To assemble this connector to a prepared end of a cable, the clamp nut assembly is slid over the end of the cable which has a center conductor extending about one inch beyond the insulation and jacket of the cable. This is a shorter extension than is required of the FIG. 1 connector and results from the fact that the present connector is both simpler and somewhat shorter than the prior art connector. Unlike the connector of FIG. 1, the clamp nut does not pass completely over the end of the cable. For the coupling configuration of FIG. 2, the entry barrel would normally be tightly mounted to the entry port of a box such as an amplifier or other terminal device by means of threads 74. Internal shoulder 97 at the end of ferrule 82 engages the cable jacket so that the cable end and the clamp nut are assembled to the entry barrel assembly together (see FIG. 4). The clamp nut and the end of the cable are then inserted onto entry barrel assembly 61 such that mandrel 73 is inserted between the jacket and the insulator of the cable as discussed with respect to the connector of FIG. 1. As the two major assemblies are coupled together, the cable end proceeds leftward into the entry barrel assembly and the center conductor extends through collar 71 into chuck 67. The clamp nut is screwed onto entry barrel 62 so that the internal threads 85 of the clamp nut engage external threads 86 of the entry barrel. When the clamp nut is nearly fully tightened, annular surface 93 on the left end of ferrule 82 engages annular surface 94 on the right end of pusher member 72 to force the pusher member and collar 71 axially leftwardly as viewed in FIG. 2. This motion causes beveled surface 95 of the collar to engage beveled surface 96 of the chuck and close the chuck tightly around the center conductor of the cable. At about the same time or immediately thereafter, beveled surface 92 on entry barrel 62 engages beveled surface 91 on ferrule 82 and the ferrule is squeezed radially onto the cable jacket to positively hold the cable between the ferrule and the supporting mandrel. The completed assembly, with cable, is shown in FIG. 4. Because of configuration of the mating portions of pusher member 72 and supporting mandrel 73, that is, tabs 79 spaced by slots 80 with lands 70 extending into those slots, only longitudinal motion is imparted to collar 71 to close chuck 67. Since no rotational torque is applied to the collar or chuck upon tightening of clamp nut 76, there is no possibility of any twisting force being applied to the center conductor 101 of the cable. The connector is so constructed that the center conductor is tightly gripped by the chuck at the same time as, or just before, the final closing of ferrule 82 onto cable jacket 102, which occurs at the end of the travel of the clamp nut with respect to the entry barrel. As can be seen from FIG. 2, beveled surfaces 91 and 92 will close the ferrule relatively quickly as the clamp nut moves to the left. The connection between the clamp nut and the entry barrel is sealed by O-ring 64.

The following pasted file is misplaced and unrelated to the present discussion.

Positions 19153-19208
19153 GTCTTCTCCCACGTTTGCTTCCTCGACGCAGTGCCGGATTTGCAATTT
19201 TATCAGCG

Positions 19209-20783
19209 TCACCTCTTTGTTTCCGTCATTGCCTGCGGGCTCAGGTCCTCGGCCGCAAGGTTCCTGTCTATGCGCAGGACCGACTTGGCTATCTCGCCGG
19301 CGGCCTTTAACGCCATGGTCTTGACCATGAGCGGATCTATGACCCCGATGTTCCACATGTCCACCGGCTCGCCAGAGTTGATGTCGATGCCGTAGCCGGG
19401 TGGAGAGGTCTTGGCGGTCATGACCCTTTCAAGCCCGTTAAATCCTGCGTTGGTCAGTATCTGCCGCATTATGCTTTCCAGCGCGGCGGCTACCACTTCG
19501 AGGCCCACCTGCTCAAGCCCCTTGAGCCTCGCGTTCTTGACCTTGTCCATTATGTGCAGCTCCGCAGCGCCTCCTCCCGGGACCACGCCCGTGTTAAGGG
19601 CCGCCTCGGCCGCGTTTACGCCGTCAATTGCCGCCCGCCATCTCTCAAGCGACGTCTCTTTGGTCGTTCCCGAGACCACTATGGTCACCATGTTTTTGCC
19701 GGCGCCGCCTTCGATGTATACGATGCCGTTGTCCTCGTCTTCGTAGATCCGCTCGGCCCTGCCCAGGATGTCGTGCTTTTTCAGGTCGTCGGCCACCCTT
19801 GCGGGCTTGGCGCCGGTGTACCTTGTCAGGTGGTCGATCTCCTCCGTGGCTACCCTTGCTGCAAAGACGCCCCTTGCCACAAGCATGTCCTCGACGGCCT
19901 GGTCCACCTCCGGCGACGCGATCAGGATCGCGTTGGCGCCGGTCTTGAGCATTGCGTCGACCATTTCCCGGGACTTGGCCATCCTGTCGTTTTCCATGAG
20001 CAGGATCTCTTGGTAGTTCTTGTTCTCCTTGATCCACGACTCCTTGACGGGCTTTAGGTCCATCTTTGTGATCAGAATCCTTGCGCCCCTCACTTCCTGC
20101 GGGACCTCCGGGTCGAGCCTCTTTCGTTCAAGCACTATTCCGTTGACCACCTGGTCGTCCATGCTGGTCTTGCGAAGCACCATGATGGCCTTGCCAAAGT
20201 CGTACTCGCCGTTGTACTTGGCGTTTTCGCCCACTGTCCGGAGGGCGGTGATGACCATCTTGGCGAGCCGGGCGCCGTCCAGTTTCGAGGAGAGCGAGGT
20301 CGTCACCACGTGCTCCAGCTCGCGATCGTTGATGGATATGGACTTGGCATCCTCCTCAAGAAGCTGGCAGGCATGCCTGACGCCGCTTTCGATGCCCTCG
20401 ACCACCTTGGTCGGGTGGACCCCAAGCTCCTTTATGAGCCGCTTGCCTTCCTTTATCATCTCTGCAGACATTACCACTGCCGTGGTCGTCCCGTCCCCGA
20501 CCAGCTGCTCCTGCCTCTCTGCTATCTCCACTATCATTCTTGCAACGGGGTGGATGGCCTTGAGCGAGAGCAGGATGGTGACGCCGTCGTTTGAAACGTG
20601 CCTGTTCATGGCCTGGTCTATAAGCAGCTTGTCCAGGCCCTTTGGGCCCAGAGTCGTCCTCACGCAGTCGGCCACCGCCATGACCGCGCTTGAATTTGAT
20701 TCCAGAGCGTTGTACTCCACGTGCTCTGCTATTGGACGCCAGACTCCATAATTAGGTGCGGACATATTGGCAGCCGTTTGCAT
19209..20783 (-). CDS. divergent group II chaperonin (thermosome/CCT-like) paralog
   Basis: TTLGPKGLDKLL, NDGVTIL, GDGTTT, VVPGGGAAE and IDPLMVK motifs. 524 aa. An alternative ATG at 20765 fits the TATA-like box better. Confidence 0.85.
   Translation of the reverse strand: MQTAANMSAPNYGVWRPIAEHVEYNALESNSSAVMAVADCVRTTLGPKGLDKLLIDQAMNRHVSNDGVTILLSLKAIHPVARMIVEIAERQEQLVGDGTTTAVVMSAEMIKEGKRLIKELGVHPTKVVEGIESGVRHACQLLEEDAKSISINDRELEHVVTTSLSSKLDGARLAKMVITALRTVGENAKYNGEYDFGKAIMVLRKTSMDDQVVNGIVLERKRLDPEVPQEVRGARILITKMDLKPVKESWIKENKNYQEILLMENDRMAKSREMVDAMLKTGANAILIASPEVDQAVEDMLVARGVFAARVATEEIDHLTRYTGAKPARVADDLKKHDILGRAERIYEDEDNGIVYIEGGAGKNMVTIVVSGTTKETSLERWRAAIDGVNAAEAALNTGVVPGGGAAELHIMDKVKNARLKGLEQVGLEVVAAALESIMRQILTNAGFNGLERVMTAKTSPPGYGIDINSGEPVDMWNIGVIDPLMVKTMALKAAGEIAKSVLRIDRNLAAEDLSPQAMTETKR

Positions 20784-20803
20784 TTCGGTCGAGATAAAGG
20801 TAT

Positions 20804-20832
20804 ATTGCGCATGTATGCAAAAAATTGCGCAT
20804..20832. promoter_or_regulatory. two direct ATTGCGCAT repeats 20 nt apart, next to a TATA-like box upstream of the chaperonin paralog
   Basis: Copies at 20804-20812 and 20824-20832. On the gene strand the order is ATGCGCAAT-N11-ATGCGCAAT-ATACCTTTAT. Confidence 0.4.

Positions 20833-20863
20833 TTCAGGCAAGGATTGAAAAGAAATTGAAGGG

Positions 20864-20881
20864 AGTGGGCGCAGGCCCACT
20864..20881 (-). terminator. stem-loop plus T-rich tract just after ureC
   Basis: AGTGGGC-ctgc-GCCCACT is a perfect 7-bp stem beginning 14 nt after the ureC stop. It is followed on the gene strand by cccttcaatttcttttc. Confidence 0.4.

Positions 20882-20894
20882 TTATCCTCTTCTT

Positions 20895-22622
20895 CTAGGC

O-ring 81 provides a seal for the cable jacket and ferrule 82 engages the end of the jacket. Carrier 77 and shoulders 83 and 84 provide metal-on-metal bearing surfaces to permit relative rotational motion between clamp nut 76 and the ferrule as the clamp nut assembly is coupled to the entry barrel assembly. Thus there is no torque applied to cable jacket 102 as the clamp nut is threaded onto the entry barrel. With respect to ballooning of the jacket which could be caused by the prior art connector, it will be immediately apparent that such an effect is not possible with the present connector. If anything, shoulder 97 might move slightly away from the end of the cable jacket upon final assembly, rather than tending to compress it. However, experience has shown that the cable jacket generally stays seated against shoulder 97 as shown in FIG. 4.